I pull up to his crumpled form, using my bike lights to make sure to shield him from any auto traffic coming up behind us. (COVID rules – no traffic, but still best to be careful) Of course, he’s young enough that even sans-shirt he bounced off the road and was back on his bike in 30 seconds.

If only I had my phone out and recorded it, because it was pretty entertaining.

Now here’s something kewl about biking one simply can’t get from our fine motor vehicles… We chatted while riding along. His name is Drew. Yes, he’s a Bike Nut.

#PORTLAND

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Destination: Planet Negro

Not Mars-related, but sci-fi related and timely.

Destination: Planet Negro is a sci-fi spoof and social satire from Kevin Willmott, a filmmaker with a very specific voice, and whose works we’ve previously covered here at Cinapse. I’ve tried to shine some attention on Willmott, partially because he’s local, but mostly because his films incorporate important themes that need to be a part of our contemporary dialogue. Are his racial satires preachy? Yes, undeniably. But they’re frequently insightful and also pretty darned entertaining.

Austin Vashaw

I think the film is both funny and insightful. Perhaps you will too. Read more here: https://cinapse.co/destination-planet-negro-mixes-social-satire-and-campy-laughs-66e81346dc48

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A Short Novel About the Founding of England

There’s talk on Facebook regarding fictional novels about the founding of England, so I thought I’d make it simple and write my own. Here it is:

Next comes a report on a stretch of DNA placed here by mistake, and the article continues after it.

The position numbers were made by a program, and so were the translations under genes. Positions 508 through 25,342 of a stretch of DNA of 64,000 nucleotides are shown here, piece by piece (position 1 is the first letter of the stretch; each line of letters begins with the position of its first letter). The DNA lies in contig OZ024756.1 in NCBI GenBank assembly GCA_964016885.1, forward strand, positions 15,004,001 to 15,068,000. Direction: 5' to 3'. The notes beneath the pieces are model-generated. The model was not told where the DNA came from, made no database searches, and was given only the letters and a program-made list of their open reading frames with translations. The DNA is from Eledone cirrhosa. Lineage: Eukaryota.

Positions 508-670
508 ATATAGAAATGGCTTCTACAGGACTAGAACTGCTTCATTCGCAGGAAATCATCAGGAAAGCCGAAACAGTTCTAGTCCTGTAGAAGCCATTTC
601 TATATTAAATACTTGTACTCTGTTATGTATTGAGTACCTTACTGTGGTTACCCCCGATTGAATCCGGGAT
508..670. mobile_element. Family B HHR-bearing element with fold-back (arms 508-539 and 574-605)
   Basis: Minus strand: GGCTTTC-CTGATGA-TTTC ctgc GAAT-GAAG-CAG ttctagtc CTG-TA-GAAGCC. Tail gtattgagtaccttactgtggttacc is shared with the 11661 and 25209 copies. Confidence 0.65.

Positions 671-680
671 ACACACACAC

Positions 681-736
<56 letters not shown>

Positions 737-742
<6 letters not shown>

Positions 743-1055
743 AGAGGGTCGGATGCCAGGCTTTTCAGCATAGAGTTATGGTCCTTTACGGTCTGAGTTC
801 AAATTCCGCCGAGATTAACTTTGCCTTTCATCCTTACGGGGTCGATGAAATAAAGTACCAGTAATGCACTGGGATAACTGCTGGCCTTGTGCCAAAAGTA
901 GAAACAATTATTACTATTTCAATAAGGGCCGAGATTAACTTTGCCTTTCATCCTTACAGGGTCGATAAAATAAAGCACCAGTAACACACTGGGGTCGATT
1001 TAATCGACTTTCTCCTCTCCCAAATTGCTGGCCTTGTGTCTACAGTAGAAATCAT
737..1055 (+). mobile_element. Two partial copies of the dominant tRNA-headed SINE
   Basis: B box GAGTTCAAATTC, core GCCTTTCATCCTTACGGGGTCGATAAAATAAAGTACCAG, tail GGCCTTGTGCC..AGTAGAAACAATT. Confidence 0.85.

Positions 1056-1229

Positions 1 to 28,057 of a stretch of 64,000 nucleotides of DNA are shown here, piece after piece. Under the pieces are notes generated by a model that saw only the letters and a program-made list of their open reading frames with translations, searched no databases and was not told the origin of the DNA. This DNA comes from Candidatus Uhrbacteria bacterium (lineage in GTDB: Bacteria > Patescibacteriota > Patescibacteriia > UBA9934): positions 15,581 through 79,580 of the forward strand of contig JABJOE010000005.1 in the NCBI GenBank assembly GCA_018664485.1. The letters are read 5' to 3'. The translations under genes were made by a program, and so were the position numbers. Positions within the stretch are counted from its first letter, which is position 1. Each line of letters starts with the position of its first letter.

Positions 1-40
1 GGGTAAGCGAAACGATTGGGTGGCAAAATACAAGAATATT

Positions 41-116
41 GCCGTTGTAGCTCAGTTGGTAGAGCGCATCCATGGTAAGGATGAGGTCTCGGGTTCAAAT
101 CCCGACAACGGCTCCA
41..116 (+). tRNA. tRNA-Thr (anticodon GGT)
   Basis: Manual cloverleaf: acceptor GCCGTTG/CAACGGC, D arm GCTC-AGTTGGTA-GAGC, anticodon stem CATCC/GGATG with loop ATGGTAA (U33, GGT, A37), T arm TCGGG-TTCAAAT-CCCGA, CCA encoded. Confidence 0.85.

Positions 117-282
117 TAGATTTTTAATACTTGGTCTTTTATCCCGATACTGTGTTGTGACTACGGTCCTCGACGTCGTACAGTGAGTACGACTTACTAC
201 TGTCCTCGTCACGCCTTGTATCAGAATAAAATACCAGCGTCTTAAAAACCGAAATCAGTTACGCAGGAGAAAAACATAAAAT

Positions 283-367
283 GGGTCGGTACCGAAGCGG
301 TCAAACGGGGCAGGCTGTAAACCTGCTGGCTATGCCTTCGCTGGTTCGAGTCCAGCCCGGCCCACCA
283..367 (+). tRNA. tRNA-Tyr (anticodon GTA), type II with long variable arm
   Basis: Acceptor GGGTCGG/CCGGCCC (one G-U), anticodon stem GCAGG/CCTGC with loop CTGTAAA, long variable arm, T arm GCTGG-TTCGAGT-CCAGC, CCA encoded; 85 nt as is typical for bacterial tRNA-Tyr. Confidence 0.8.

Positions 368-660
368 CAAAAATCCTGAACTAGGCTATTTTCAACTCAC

ARRGH! It's cold and wet out! 

Would someone *please* go out and invent tea and whiskey?

Ok, now let's fight about who gets it and how much!

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What The Author Is Reading Now

Dr. Pangloss reminds us that we are living in the best of all possible worlds, so live it up, suckers!” — The Author

Flaubert’s Parrot by Julian Barnes. Quotes below attributed to Flaubert himself.

Language is like a cracked kettle on which we beat out tunes for bears to dance to, while all the time we long to move the stars to pity.

What an awful thing life is, isn’t it? It’s like soup with lots of hairs floating on the surface. You have to eat it nonetheless.

I am like a cigar: you have to suck on the end to get me going.

Tears are to the heart what water is to a fish.

I am only a literary lizard basking the day away beneath the great sun of Beauty. That’s all.

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Meanwhile, back on Earth Prime

Garlic is the enemy.

“I have another issue I need to address here, so that you have time to prepare before your next visit to the store:When you were in the store the other day to begin the onboarding process, I noticed that you carried with you a strong presence of garlic odor (?). It may have been on your clothes or something. Because there are many coworkers working with each other, as well as the customers on the sales floor, the company policy manual addresses  the policy of personal hygiene and odors such as strong perfumes, etc. I’ll have to ask you to consider if this is a condition you can resolve before you’re completely onboarded, because it is not something we can delay attending to.”

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The Author Finds Himself At CostCo

When one finds themselves standing next to a sample table in a CostCo for 8-something hours you get to really experience how being in Costco is a 2+ hour trip for many people as they wander back and forth in search of meaning in their lives. “Where are the chocolate flavored lobster tampons?” they’d ask me. “I don’t actually work here and they keep moving things around. Maybe try over by the regular lobster tampons?”

That’s all over now, but evidence would seem to suggest that I was pretty good at suggesting bottles of Willamette Valley Vineyards wine would do the trick. Several would be even better.

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Portraits of Portland in the 90’s